The Asian American Writers’ Workshop (AAWW), the preeminent literary arts nonprofit dedicated to excellent literature of Asian American descent, seeks to hire an Asia Editor to lead our Transpacific Literary Project.
The Editor will: 1) solicit and edit literature from writers of Asian descent living in East and Southeast Asia to publish in The Margins, AAWW’s online magazine; and 2) build relationships with writers, publishers, academics, institutions, and translators who are creating and supporting Pacific Rim literature. The ideal editor will possess experience editing in a professional office environment, engaging with Asian literature in translation and scholarly and theoretical writing on Asia, and managing and building new projects and ongoing relationships. The Editor will develop and implement the vision of the project, in collaboration with AAWW Executive Director Ken Chen, Editorial Director Jyothi Natarajan, and Assistant Editor Yasmin Majeed. The Editor should also possess strong familiarity with AAWW, as well as currents in Asian literatures.
This is a four-day-a-week position with health benefits with the possibility of full-time should funding increase. The Editor must be physically based in New York City. While AAWW represents a wide variety of Asian ethnicities, this specific project targets the “Transpacific,” which scholars have conceptualized as a relational unit that juxtaposes the Americas, the Pacific Ocean, and East and Southeast Asia.
The Transpacific Literary Project (TLP) is an ambitious online publishing program and network that seeks to foster literary connections between East and Southeast Asia, the Pacific Ocean, and the Asian diaspora across the Americas. You can read past stories here: http://aaww.org/tag/transpacific-literary-project/.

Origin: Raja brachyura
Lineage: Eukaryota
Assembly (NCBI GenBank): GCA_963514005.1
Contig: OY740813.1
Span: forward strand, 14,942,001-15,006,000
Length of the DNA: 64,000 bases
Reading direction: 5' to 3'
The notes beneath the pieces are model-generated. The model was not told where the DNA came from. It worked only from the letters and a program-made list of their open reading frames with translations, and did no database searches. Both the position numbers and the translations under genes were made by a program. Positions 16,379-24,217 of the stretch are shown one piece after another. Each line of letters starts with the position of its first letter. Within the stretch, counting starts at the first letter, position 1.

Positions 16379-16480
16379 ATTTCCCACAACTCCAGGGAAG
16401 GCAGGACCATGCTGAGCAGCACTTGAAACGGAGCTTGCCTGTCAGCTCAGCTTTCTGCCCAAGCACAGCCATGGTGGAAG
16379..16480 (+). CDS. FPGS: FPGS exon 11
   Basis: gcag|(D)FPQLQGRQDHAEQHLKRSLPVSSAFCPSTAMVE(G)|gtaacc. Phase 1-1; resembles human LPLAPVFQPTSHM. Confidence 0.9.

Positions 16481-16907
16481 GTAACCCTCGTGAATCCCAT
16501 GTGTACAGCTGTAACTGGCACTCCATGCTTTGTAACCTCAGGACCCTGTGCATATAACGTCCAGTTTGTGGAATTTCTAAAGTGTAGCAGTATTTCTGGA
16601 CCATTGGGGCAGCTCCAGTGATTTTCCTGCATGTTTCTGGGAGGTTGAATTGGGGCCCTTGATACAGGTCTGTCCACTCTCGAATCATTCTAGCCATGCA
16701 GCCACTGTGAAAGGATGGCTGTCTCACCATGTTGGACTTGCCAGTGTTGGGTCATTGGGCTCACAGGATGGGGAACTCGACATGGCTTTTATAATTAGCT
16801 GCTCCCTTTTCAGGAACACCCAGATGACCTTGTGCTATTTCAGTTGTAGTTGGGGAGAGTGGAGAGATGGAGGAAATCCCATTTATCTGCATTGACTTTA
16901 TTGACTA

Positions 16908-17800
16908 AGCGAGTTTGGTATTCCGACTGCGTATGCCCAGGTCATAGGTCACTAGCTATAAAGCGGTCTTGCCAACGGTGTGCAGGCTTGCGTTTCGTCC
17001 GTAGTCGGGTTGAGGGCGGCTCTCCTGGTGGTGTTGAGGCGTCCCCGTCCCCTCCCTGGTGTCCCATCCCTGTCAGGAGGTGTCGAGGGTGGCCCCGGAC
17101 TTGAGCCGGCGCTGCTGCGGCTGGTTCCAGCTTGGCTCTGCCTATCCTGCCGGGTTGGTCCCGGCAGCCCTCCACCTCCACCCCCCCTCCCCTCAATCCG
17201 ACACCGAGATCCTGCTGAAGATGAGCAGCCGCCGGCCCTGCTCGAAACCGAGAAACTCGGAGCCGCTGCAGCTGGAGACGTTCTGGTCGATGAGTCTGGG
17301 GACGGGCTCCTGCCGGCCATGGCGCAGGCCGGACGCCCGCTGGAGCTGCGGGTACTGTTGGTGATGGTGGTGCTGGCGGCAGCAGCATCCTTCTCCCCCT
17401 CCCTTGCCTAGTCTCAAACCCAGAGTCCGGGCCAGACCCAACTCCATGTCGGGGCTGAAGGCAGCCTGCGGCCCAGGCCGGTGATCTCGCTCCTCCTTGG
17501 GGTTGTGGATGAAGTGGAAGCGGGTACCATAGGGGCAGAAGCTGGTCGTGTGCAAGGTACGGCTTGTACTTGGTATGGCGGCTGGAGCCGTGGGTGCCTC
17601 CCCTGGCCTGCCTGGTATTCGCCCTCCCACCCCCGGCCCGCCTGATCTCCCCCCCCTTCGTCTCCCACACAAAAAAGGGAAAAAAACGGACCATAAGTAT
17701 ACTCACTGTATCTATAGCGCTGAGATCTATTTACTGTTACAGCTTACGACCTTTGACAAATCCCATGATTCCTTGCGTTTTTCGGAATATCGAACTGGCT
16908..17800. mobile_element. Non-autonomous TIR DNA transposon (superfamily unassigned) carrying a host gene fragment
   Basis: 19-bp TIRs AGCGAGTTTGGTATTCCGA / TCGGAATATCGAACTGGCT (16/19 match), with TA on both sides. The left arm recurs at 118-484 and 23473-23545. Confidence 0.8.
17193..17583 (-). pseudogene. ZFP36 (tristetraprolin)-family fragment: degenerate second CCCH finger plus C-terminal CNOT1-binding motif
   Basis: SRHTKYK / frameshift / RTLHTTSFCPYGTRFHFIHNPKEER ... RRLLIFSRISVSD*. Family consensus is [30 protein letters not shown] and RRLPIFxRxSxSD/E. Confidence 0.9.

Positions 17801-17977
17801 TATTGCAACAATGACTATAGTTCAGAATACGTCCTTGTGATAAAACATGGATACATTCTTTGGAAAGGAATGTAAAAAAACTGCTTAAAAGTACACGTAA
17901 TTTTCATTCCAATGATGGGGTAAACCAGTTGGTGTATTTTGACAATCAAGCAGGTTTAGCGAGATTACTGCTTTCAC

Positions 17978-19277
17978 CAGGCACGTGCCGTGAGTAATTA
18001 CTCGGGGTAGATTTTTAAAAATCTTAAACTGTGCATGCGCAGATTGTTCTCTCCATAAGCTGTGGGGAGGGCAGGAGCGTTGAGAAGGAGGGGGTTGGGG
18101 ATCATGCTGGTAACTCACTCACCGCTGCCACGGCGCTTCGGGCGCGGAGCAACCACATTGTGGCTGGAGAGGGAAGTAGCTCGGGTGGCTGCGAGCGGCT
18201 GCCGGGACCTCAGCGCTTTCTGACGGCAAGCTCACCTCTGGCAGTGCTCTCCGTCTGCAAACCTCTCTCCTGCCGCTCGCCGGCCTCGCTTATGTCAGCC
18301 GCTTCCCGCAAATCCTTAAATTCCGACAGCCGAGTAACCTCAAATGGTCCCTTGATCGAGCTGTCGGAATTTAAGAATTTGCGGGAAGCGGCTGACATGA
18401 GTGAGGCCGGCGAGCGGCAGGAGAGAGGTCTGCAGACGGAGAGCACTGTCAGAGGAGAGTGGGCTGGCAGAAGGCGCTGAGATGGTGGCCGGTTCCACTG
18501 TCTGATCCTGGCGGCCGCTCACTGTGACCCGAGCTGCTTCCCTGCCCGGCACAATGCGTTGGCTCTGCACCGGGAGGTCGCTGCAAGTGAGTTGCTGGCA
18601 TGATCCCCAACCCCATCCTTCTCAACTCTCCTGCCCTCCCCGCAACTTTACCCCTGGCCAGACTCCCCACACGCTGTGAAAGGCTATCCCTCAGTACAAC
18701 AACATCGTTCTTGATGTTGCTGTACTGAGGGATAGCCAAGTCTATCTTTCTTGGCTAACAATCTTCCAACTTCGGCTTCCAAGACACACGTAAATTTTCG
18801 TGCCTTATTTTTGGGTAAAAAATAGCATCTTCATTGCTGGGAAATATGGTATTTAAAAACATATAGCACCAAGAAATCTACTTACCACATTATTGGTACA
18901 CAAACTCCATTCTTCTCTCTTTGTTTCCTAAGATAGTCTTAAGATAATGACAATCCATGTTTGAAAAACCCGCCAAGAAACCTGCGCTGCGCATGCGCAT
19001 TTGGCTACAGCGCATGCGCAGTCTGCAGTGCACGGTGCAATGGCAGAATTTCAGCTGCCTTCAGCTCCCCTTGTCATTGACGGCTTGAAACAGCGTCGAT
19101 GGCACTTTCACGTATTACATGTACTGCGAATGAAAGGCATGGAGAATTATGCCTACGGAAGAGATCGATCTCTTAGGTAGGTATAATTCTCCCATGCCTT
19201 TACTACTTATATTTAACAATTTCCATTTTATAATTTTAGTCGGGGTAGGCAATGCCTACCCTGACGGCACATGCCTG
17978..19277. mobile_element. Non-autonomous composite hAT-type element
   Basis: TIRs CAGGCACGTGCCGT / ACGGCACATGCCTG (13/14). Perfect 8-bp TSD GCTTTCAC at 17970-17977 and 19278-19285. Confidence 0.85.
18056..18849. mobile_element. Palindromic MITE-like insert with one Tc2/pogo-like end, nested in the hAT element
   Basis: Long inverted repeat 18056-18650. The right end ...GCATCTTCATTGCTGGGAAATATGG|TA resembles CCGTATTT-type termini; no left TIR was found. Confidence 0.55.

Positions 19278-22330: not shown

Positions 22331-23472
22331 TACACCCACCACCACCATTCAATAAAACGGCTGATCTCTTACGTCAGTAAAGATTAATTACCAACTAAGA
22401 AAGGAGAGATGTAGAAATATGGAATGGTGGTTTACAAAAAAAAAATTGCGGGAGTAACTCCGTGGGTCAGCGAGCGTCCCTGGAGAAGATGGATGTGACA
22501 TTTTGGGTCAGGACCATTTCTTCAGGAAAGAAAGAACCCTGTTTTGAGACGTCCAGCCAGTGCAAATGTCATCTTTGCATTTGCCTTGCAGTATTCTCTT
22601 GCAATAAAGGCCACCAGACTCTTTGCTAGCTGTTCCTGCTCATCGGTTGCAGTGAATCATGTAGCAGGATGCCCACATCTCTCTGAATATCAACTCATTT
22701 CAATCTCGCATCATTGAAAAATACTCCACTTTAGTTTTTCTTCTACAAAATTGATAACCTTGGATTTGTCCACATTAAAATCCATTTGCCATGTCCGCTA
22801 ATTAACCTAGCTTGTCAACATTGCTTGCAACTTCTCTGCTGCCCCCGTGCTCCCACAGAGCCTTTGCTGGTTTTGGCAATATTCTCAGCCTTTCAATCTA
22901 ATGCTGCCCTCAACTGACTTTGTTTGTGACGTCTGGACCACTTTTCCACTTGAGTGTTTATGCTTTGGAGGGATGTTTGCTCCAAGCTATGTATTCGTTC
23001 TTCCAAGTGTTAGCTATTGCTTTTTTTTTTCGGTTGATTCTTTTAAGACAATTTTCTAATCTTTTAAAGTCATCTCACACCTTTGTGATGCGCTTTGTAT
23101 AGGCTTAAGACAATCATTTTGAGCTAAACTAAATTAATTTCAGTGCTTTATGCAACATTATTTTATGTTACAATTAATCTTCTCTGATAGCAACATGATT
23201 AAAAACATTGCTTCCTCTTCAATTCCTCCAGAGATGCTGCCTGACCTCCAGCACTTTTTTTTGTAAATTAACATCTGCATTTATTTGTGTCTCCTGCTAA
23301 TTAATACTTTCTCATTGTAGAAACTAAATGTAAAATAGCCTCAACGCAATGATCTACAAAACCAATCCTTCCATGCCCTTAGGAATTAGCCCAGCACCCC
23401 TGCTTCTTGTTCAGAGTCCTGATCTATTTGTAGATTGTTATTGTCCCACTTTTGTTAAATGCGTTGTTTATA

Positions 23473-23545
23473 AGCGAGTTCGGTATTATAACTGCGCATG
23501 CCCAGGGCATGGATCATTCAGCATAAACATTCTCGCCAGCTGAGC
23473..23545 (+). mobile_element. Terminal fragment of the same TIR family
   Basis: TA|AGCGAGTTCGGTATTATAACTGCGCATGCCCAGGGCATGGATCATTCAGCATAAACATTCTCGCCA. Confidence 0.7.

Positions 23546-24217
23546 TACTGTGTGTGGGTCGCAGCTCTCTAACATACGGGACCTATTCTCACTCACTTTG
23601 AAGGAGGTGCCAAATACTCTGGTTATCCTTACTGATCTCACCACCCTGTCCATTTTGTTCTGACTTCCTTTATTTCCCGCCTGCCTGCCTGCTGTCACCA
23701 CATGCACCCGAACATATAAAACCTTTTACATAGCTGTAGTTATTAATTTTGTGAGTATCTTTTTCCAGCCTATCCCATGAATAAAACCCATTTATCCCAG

- The Editor will pitch, write, assign, and edit literary packages concerning the literary, political, and pop cultural life of East and Southeast Asia. Portfolios will group writers from different national backgrounds to show unexpected unifying histories of migration, pro-democracy movements, and trade. While our expectations are open-ended, we imagine that these portfolios could appear once every 1.5-2 months with new content appearing every week.
- The Editor’s other main responsibility will be to build an informal network of Asian translators, academics, writers, and affiliated institutions. We have created a loose network of about 100 writers, translators, universities, presses and institutions. We seek someone who sees themselves not as a slush pile reader, but as a manager, collaborator, and partnership-builder. They will hold regular meetings with literary and academic advisers and build ongoing relationships with partners.
- The Editor will be responsible for all tasks related to the editorial management of the TLP, including: editing and publishing fiction, nonfiction, and poetry from Asian writers and translators; guiding production of photos and multimedia content; and creating social media around pieces and planning campaigns to bring more readers to The Margins.
- In the long run, the project could grow to include fellowships, coordinating events with writers from Asia, building podcasting and video assets, working on an ebook version of our portfolios, pitching a print anthology dedicated to Transpacific literature, and more.
- The Editor must be familiar with the history and literary trends within East and Southeast Asia and be excited to grapple with the developing discourse of the Transpacific, which seeks to bridge Asian literature in translation and Asian American studies. Fluency in an Asian language is preferred.
- The ideal candidate will be an entrepreneurial editor who can implement and add to our vision for this ambitious, innovative project. The Editor must be able to manage and juggle several projects and create and execute their own plan from the ground-up. This is a fast-paced and new project that will be structured by the Editor’s ambitions, creativity, and attention to detail. The Editor must possess excellent time-management skills as well as the ability to prioritize, balancing the work of editing and publishing stories.